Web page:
The history of academic life is studded with colourful characters and memorable individuals. The structure of contemporary institutions are no longer compatible with such free expressions of intellectual spirit as they once were; however, the encounter between an established academic and a young researcher ought to be an opportunity to learn in a personal and relational way.
One of the most famous, if not infamous, teachers of the twentieth century in this regard was the classical scholar Sir Maurice Bowra, who served as the warden of Wadham College in Oxford for over thirty years, between 1938 and 1970. The poet Sir John Betjeman, an eccentric character in his own right, once wrote of Bowra as follows: “I wandered back to Magdalen, certain then,/ As now, that Maurice Bowra’s company / Taught me far more than all my tutors did.” Betjeman’s verse gets to the heart of why Bowra was seen as such an exceptional educator, able to inculcate understanding through a lens of amiable good nature. During his long career at Oxford, Bowra taught such luminaries as the author Anthony Powell, the literary critic Cyril Connolly, and the art historian Kenneth Clarke (who called him ‘the strongest influence on my life’). Many others, such as Betjeman, claimed to have learned more from Bowra as a peer than as an instructor, including J.B.S. Haldane, Lord David Cecil, and L. P. Hartley.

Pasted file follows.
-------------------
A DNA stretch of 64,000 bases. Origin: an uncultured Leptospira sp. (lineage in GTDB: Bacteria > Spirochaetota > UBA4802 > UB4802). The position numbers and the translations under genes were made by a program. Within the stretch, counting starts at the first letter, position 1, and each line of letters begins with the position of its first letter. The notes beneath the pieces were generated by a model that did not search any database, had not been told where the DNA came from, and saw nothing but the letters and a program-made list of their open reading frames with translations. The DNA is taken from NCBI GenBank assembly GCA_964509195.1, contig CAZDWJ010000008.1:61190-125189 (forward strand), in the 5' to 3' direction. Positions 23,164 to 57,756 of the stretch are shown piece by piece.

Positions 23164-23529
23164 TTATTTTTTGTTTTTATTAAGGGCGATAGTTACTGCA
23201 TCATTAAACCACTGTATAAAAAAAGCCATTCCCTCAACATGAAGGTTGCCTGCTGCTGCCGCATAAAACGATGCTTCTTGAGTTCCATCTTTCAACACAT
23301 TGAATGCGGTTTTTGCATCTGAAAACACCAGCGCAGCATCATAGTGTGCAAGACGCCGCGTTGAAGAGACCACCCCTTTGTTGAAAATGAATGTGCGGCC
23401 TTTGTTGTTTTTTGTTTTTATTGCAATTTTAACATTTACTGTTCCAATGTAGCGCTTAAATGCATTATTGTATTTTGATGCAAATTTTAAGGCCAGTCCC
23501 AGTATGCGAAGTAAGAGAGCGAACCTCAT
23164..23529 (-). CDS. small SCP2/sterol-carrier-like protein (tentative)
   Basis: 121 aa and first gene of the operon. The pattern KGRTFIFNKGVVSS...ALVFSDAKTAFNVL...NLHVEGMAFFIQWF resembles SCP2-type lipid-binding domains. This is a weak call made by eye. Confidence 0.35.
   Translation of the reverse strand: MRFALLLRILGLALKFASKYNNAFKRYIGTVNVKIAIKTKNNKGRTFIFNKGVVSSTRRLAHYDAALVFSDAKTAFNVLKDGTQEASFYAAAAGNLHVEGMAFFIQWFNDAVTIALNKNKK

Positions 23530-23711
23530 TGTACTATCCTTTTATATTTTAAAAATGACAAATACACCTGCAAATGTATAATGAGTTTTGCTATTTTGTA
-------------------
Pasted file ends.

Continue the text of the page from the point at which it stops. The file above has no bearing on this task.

Of course, Bowra was as famous for his colourful private life as for his pedagogical talents. One famous story recounts him being encountered by some undergraduates whilst bathing naked in the River Cherwell; when asked, in the following morning’s supervision, why he had covered his face rather than his privates, he responded ‘gentlemen, I would like to think that in Oxford I am best known by my face!’